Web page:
Growing a startup is challenging, but also extremely rewarding. In this post, we will focus on organic (not paid) growth. Also, we will touch on a few key advantages and disadvantages of this strategy.
Organic Growth (The Early Days)
In the early days of search (e.g. Google Search), simple SEO/Optimization/Content Marketing tactics were enough to rank high in Google Search – catapulting startup’s awareness and growth (e.g., website traffic, signups, purchases, etc.)
The same was true with social media. Early adopters experienced impressive growth because there was plenty of space for new incumbents. For example, in the early days (first 3-5 years) Twitter, Facebook, LinkedIn, and YouTube were not taken seriously by large organizations – most marketing executives didn’t even consider social media as a marketing channel.
This early reluctance by many large brands to optimize for Google Search, or to take social media seriously, created an opportunity for many startups to fill the void. All of a sudden newly created businesses were driving more traffic and awareness to their business than some Fortune 500 companies.
The State Of Organic Growth Today (What Changed?)
As is the case with all marketing channels, over time they become saturated, making it much more difficult to stand out. Today, we live in a world where 500,000+ websites are created every day, where 400,000+ hours of video are uploaded to YouTube every day, and where large companies are spending millions on digital assets (Website, SEO, Social Media, Apps, Email, Data, etc.).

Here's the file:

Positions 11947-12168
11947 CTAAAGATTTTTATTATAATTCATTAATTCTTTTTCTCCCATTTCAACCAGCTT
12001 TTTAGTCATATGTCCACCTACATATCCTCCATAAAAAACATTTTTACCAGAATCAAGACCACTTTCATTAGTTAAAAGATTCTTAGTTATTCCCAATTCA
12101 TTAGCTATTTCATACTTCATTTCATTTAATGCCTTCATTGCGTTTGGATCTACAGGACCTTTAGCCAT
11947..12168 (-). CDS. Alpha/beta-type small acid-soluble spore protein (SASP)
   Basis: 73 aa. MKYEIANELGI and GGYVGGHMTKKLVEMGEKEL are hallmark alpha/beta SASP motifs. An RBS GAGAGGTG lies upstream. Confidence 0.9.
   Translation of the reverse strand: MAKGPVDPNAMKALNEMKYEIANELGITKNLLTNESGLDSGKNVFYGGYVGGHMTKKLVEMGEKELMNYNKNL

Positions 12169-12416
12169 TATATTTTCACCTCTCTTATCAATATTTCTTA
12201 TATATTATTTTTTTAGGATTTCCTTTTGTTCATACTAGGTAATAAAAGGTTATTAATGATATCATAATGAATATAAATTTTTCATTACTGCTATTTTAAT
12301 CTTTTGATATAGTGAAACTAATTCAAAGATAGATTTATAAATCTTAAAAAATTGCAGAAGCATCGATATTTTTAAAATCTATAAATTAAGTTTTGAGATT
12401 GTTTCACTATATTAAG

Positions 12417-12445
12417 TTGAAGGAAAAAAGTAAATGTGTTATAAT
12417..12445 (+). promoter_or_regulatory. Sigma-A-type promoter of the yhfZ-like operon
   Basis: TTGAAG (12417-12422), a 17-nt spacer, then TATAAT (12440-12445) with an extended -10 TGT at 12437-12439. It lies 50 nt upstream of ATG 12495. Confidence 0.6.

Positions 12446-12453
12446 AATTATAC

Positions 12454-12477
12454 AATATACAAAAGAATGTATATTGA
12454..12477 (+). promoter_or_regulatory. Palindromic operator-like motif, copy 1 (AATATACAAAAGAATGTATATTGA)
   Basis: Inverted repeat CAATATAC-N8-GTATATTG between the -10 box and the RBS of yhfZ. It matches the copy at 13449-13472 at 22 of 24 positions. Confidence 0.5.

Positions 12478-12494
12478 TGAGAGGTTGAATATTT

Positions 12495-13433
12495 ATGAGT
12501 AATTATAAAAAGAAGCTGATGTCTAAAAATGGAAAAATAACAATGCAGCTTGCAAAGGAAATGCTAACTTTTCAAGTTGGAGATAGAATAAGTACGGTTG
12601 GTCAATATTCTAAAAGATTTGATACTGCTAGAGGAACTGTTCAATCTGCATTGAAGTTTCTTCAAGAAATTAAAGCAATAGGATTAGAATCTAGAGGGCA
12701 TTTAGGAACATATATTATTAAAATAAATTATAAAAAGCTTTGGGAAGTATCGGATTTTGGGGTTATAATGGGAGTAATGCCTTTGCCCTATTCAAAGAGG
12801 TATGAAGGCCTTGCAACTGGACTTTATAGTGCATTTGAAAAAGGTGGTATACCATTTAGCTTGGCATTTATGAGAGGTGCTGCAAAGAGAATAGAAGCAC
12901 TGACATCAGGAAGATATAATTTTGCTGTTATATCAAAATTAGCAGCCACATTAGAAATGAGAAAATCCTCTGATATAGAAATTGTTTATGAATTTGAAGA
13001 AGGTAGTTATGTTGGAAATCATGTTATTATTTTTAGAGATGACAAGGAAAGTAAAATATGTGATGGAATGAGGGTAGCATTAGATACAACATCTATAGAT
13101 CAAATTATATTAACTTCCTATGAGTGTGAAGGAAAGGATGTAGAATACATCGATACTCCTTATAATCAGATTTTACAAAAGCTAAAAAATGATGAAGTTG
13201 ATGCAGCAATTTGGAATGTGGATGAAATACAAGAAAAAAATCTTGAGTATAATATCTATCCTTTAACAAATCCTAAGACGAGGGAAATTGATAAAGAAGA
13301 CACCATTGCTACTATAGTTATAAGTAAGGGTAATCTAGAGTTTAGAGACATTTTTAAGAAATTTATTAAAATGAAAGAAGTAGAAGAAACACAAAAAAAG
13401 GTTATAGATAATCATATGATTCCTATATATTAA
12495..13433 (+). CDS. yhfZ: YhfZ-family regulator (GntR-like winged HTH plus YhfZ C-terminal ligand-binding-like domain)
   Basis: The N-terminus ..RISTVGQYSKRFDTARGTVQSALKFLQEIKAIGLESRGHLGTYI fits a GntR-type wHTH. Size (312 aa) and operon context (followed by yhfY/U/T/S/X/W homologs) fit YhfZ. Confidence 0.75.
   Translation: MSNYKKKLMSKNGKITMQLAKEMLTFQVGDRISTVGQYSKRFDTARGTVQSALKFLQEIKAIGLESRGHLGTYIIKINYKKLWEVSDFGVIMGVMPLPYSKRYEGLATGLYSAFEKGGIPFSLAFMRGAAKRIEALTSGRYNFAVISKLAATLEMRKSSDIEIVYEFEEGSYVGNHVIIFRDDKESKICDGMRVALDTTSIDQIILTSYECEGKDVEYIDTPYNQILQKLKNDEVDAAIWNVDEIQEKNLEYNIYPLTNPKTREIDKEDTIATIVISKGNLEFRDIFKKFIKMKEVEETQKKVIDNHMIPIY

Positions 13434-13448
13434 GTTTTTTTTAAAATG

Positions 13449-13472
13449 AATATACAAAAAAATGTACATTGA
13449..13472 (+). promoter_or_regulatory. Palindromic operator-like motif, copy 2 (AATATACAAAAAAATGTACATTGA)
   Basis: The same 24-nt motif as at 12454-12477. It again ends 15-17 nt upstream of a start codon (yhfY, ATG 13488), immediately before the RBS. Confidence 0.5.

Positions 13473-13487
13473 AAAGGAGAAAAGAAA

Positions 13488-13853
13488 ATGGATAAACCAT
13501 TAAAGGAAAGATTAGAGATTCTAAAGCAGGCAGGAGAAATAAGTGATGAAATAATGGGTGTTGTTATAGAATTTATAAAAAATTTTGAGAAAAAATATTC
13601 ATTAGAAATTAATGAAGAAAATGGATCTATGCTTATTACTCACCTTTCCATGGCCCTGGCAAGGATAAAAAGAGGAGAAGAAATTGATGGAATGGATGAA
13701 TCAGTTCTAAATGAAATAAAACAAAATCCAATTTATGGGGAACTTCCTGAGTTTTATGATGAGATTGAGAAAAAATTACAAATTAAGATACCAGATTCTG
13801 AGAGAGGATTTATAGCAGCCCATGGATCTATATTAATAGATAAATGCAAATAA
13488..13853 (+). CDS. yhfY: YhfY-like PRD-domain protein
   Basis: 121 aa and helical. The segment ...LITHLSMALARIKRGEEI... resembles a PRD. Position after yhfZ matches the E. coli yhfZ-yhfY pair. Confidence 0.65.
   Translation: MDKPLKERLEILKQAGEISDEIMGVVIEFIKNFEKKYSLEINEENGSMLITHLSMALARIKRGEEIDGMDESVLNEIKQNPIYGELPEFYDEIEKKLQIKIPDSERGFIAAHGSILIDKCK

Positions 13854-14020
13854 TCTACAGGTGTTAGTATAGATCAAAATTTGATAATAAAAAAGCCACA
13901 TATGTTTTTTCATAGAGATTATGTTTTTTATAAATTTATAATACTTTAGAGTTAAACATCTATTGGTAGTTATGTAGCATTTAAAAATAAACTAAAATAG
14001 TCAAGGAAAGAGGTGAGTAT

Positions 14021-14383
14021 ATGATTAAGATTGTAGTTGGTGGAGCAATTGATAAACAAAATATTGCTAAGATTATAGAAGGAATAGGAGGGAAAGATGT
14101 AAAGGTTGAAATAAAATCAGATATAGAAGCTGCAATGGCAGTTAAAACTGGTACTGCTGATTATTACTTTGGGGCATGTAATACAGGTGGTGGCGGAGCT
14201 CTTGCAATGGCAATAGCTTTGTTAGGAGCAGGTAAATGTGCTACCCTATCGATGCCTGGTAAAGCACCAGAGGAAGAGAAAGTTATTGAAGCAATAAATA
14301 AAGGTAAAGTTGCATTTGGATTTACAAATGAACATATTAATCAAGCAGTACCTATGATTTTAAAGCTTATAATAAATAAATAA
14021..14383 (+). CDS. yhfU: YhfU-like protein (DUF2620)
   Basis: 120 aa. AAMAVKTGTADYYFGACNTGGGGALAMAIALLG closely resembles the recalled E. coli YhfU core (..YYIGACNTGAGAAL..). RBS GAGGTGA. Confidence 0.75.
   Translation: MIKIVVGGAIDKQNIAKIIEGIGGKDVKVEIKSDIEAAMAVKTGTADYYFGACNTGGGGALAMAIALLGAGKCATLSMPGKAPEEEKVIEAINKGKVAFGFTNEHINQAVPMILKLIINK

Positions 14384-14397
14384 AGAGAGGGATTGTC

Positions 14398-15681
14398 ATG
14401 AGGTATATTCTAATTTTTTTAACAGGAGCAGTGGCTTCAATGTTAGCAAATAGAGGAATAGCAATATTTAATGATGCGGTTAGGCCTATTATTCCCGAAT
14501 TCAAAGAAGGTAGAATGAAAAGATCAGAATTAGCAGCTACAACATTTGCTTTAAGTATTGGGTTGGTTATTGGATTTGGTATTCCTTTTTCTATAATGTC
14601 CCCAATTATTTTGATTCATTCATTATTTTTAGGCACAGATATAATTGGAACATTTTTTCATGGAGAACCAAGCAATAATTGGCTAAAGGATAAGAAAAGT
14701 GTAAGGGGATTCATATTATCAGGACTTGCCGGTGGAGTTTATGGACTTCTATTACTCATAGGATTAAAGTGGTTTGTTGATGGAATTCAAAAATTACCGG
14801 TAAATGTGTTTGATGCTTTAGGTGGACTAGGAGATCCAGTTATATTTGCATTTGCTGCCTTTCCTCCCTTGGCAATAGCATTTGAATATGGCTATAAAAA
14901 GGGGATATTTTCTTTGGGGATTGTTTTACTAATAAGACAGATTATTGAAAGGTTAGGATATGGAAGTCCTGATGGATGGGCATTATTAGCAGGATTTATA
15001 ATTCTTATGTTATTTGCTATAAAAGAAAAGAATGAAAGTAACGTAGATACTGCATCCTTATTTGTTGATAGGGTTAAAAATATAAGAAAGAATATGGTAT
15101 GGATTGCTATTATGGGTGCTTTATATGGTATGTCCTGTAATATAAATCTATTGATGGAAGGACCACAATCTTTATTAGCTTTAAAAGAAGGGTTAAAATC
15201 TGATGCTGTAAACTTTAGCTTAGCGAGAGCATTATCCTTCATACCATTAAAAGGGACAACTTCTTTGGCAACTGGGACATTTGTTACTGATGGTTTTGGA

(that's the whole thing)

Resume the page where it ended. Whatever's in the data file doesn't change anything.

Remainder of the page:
In summary, early (little known) organic growth strategies are now well-known best practices. For example, prioritizing content marketing, optimizing for search, building backlinks, utilizing hashtags, focusing on long-tail keywords, and so on. These are all standard practices nowadays, so naturally, to stand out today you have to do something different or much more strategic.
This may sound discouraging but in many ways, this is why digital marketing and organic growth are so compelling. If you catch the early wave or find a gap in the online space, you can transform your business in a few years.
Also, because everything is measurable, you can quickly determine whether or not your organic growth tactics are working. For example, a few years ago we advised most of our B2B clients to prioritize LinkedIn because organic reach was so great. However, today with increased competition and algorithm changes, it is harder to reach the same level of awareness and engagement.